Tuesday, October 23, 2012

Indian Festival - Dasara / Dussehra / Navratri / Dashmi

 Dasara, derived from the Sanskrit Dasha-hara meaning "remover of bad fate", is among the most important festivals celebrated in India. Regional spellings include Dashera, Dussera and Dussehra.

Specifically, it may refer to:
• in South India, the ten-day festival of Navratri as a whole
   o in Mysore, Mysore Dasara
   o in Madikeri, Madikeri Dasara
   o in Nepal, Dashain
• in North India, the tenth day of the festival, Vijayadashami
• in Himachal Pradesh, a seven-day festival starting on that day, Kullu Dussehra
[ Src: http://en.wikipedia.org/wiki/Dasara ]
• as Durga Puja in Bengal and East India

When is it celebrated?
Dasara Festival is celebrated in the month of Ashwin, the Hindu month, which falls in September-October. 
The first nine days are called Navratri (‘Nav’ meaning 9 and ‘rathri’ meaning night), and the 10th day is Vijayadasami, the grand celebration day. Each day of Navratri is celebrated with different rituals in different parts of the country.

Why is it celebrated?
Dasara is celebrated in different ways in the different parts of the country. In the northern part of India, it is celebrated as the successful return of Lord Rama to his kingdom, after killing Demon Ravana. In Bengal Dasara is called as Durga Pooja. In the southern part of India, it is celebrated as Dasara and the main celebration is at Mysore, the cultural capital of Karnataka,  for the victory of Goddess Chamundeshwari over the demon Mahishasur.Though the stories and celebrations are different, the theme of all the places is victory over evil [Src: http://lex123.hubpages.com/hub/Dasara-Festival-Celebration ]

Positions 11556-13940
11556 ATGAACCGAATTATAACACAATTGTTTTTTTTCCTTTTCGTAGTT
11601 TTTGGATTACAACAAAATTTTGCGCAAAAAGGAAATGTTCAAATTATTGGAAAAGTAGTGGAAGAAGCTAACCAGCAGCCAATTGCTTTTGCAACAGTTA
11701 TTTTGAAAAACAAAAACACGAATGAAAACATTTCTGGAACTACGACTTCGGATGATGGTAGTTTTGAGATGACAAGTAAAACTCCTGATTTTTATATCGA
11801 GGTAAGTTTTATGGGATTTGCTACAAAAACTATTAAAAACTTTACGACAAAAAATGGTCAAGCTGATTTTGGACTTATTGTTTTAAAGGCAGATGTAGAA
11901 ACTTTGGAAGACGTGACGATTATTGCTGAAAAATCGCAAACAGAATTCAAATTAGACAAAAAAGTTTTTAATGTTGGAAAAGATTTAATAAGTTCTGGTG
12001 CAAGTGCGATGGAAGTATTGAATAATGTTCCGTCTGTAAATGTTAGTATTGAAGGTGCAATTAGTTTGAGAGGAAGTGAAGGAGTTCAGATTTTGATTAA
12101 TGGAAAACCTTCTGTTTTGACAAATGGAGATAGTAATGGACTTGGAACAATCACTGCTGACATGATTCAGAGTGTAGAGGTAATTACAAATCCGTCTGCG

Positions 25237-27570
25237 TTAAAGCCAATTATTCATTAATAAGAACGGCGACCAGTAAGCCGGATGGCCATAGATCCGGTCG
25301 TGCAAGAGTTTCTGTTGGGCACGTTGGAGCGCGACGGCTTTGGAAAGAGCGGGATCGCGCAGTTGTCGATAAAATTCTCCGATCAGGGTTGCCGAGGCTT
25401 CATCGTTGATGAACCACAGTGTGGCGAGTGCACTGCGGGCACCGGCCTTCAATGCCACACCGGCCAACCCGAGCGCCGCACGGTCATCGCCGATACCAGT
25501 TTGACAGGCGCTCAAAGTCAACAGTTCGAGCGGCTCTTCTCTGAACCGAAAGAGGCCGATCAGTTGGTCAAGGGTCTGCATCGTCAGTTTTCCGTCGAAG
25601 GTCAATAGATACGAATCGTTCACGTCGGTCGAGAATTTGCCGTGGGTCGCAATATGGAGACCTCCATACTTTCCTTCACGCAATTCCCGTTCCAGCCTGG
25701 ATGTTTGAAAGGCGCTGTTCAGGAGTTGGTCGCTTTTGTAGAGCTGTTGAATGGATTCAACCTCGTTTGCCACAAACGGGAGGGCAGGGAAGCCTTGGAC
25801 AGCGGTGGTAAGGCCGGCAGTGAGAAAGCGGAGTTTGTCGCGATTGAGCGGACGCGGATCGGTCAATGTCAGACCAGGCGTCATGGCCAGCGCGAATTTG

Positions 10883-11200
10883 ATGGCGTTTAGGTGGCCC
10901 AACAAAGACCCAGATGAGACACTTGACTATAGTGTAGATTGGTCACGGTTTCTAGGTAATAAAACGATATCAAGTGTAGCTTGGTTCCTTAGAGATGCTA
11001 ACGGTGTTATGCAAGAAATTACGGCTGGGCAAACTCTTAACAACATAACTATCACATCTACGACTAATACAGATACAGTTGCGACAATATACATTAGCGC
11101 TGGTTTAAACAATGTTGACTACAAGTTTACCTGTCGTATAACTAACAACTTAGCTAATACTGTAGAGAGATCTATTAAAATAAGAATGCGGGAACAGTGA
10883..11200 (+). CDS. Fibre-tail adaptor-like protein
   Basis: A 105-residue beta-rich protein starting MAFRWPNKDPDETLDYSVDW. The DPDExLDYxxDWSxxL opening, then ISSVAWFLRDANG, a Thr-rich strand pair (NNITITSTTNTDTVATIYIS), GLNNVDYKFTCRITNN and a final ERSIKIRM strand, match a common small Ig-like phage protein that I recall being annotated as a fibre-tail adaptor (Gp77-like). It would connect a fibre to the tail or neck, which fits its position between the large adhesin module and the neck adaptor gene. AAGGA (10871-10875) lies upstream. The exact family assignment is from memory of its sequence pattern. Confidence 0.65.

For more details, read below:
1) Dussehra celebrates the Hindu god Rama's victory over the demon king Ravana and the triumph of good over evil. The epic Ramayana tells the mythical story of the Lord Rama who wins the lovely Sita for his wife, only to have her carried off by Ravana, the demon king of Lanka.

Ravana plays an important role in the Ramayana. Ravana had a sister known as Shoorpanakha. She fell in love with the brothers Rama and Lakshamana and wanted to marry one of them. Lakshamana refused to marry her and Rama could not as he was already married to Sita.
Shoorpanakha threatened to kill Sita, so that she could marry Rama. This angered Lakshamana who cut off Shoorpanakha's nose and ears. Ravana then kidnapped Sita to avenge his sister's injuries. Rama and Lakshamana later fought a battle to rescue Sita. The monkey god Hanuman and a huge army of monkeys helped them. [Src: http://www.timeanddate.com/holidays/india/dussehra ]

2) The Mahabharata is another series of Hindu myths that play a role in the Dussehra festival. The Pandavas were five brothers who fought evil forces with a set of distinctive weapons. They abandoned their weapons and went into exile for one year. They hid their weapons in a Shami tree and found them at the same place when they returned from exile. They then worshipped the tree before going to a battle, which they won. This epic is also commemorated during Dussehra.
[Src: http://www.timeanddate.com/holidays/india/dussehra ]